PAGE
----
Further adventures in obscurist sound sourcing come early on Reciprocate’s Yeah Well (Gringo): ‘Tascam’, which begins as a grisly spurt of cassette noise as per its title, and ends with 50 seconds of what appears to be Ian Botham’s autobiography. Neither half of this particular equation is representative of the rest of the record, whose position in the approximate nexus of blues, math-rock and indie is much stranger and more appealing than that brief description sounds. At least to me, who wrote it.

Two of Reciprocate’s three members, Stef Ketteringham and Henri Grimes, played in Shield Your Eyes, a London group who visited probably every sub-200 capacity venue in the UK without me ever seeing them; bassist Marion Andrau was in The Wharves, also a Gringo band of yore, and currently plays in Melting Hand. One of Yeah Well’s songs is titled ‘Marion Andrau’, which I find inexplicably funny, and is a mélange of boogie rock riffs, almost unnecessarily complex drumming and hoarse-voiced whooping that, in toto, reminds me a fair bit of Polvo. ‘Marble Arch’, which follows it, is closer to a midcard Britpop band imitating the wonkiness of Pavement – no I’m not thinking of Blur, if I was I’d have said – and not the sort of thing I’d have reviewed a whole album of, but an uptick in abrasion via the two-part title number, spiky prog followed by impressionistic solo guitar, is concluded with ‘Hold’, equal parts melancholy romance and tingly bent-metal riffs.

Dawdling until now before acknowledging the existence of Ashtray Navigations in these columns: highly remiss behaviour! Leeds’ Phil Todd, often in the company of fellow travellers, has been cranking out ltd. edt. treasure on home duplication-friendly formats since the early 90s, and his renown in this regard enjoys global reach. A quasi-retrospective compilation, featuring an LP of new stuff plus four CDRs of catalogue picks, is out around now and is (I’m told) getting reviewed in the main tQ albums section, so for now here’s the latest standalone AshNav joint, It Was The Start Of Another Strange Week (Memoirs Of An Aesthete). Most commonly operating as a duo with Melanie O’Dubhslaine these days, this finds Todd on his tod – presumably for lockdown-related reasons – and by his own fringe-bound standards has, at times, what you might call a pop sensibility.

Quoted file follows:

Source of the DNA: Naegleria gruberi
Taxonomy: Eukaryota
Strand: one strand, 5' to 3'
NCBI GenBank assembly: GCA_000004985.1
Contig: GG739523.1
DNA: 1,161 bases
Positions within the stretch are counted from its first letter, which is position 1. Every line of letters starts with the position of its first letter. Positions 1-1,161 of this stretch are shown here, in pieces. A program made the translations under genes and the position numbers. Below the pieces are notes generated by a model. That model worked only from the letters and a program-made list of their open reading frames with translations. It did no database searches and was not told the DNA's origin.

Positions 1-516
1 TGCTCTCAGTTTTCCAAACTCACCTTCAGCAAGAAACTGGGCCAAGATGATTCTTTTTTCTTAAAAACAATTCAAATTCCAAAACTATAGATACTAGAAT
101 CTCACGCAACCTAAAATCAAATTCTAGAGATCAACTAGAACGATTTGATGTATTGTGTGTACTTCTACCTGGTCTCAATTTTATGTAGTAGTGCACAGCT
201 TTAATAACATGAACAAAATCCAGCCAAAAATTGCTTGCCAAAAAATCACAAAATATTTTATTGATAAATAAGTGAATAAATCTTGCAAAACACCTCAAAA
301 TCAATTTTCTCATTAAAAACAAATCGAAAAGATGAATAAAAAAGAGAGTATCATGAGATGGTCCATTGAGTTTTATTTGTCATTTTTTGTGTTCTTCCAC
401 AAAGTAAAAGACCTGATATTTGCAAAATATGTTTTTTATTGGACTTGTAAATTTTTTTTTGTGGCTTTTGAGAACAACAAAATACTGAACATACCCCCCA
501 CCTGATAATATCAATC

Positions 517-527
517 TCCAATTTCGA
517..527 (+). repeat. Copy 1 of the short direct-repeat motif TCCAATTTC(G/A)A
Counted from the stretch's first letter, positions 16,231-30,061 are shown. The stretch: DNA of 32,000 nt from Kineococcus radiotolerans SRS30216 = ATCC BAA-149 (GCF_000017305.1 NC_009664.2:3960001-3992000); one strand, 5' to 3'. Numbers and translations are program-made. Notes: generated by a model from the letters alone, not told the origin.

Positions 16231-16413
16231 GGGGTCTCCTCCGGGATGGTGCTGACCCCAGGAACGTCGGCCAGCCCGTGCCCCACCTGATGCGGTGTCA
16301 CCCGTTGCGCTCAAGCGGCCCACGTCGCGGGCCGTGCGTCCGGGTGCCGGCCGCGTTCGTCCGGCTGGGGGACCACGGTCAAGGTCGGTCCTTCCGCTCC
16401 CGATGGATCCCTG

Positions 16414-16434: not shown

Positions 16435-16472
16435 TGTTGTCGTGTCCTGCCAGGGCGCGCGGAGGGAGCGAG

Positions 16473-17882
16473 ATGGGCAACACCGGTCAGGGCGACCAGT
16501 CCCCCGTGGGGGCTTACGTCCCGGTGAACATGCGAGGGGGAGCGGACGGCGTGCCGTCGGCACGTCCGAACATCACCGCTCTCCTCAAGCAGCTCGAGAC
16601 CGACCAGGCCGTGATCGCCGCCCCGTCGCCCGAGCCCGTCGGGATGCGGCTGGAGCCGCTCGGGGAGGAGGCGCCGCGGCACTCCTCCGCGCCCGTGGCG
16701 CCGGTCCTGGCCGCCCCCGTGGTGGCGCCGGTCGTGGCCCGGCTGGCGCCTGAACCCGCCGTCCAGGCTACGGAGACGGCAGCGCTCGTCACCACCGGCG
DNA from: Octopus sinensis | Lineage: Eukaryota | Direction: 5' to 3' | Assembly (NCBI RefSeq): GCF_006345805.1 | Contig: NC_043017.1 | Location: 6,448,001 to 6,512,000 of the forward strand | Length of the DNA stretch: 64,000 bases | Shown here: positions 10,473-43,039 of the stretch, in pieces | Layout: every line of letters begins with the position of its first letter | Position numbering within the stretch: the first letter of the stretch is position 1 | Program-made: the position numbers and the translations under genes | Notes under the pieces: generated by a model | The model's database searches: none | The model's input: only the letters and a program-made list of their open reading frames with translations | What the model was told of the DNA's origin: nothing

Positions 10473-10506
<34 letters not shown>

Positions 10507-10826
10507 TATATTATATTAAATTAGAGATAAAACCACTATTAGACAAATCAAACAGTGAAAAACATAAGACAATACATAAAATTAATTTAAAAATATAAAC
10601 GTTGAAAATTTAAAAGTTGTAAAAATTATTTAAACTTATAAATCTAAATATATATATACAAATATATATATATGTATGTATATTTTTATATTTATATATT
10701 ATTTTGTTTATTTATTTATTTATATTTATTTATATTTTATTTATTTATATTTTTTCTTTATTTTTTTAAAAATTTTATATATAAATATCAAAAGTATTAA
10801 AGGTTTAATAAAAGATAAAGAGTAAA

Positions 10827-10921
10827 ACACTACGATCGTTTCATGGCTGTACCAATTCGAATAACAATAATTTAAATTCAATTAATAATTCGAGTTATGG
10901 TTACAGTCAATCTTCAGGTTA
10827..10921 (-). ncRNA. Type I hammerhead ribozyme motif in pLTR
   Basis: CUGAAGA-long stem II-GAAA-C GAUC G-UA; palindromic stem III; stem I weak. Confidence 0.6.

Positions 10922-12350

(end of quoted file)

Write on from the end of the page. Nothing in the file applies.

Sputtering drum machine and on-a-budget Fourth World keys propel ‘Hold On Pixels’, while Todd’s guitar – often a bringer of feedbacking gnarl – is languid, almost gentle on ‘Cask Materia Bridge’. ‘Heavy Into Scenery’ is paranoid minimal synth and ‘The Expropriation’, where a dreamstate of leaden midrange drone is awakened by Sunday morning church bells and mounting anxiety, finally coaxes out Todd’s harsher tendencies, these then escalated during the punishing first minute of ‘Reverently Shutterland’. Another winsome keyboard melody claws back control here, though, with the help of plucked cello strings (semi-educated guess based on the instruments listed on the back cover), and an artificial wind blows us good for 38 seconds, titles itself ‘N-Tail’ and polishes off another fine Ashtray Navigations missive from a dude who wrote the book on musical self-suffiency.

Cash Only (Industrial Coast), a half-hour tape from London duo 1-800-ICEMAN, arrives wrapped in kitchen roll and placed inside a black card envelope secured with string. There are 50 copies, I can’t promise you’ll find one now, and you can hear side A at the link above but that’s your streamable lot at the time of writing. If this strikes you as rotten elitism, condolences, but quite frankly my enthusiasm for this raddled muddle of breakbeat science and ambient microbiology has outfought such concerns.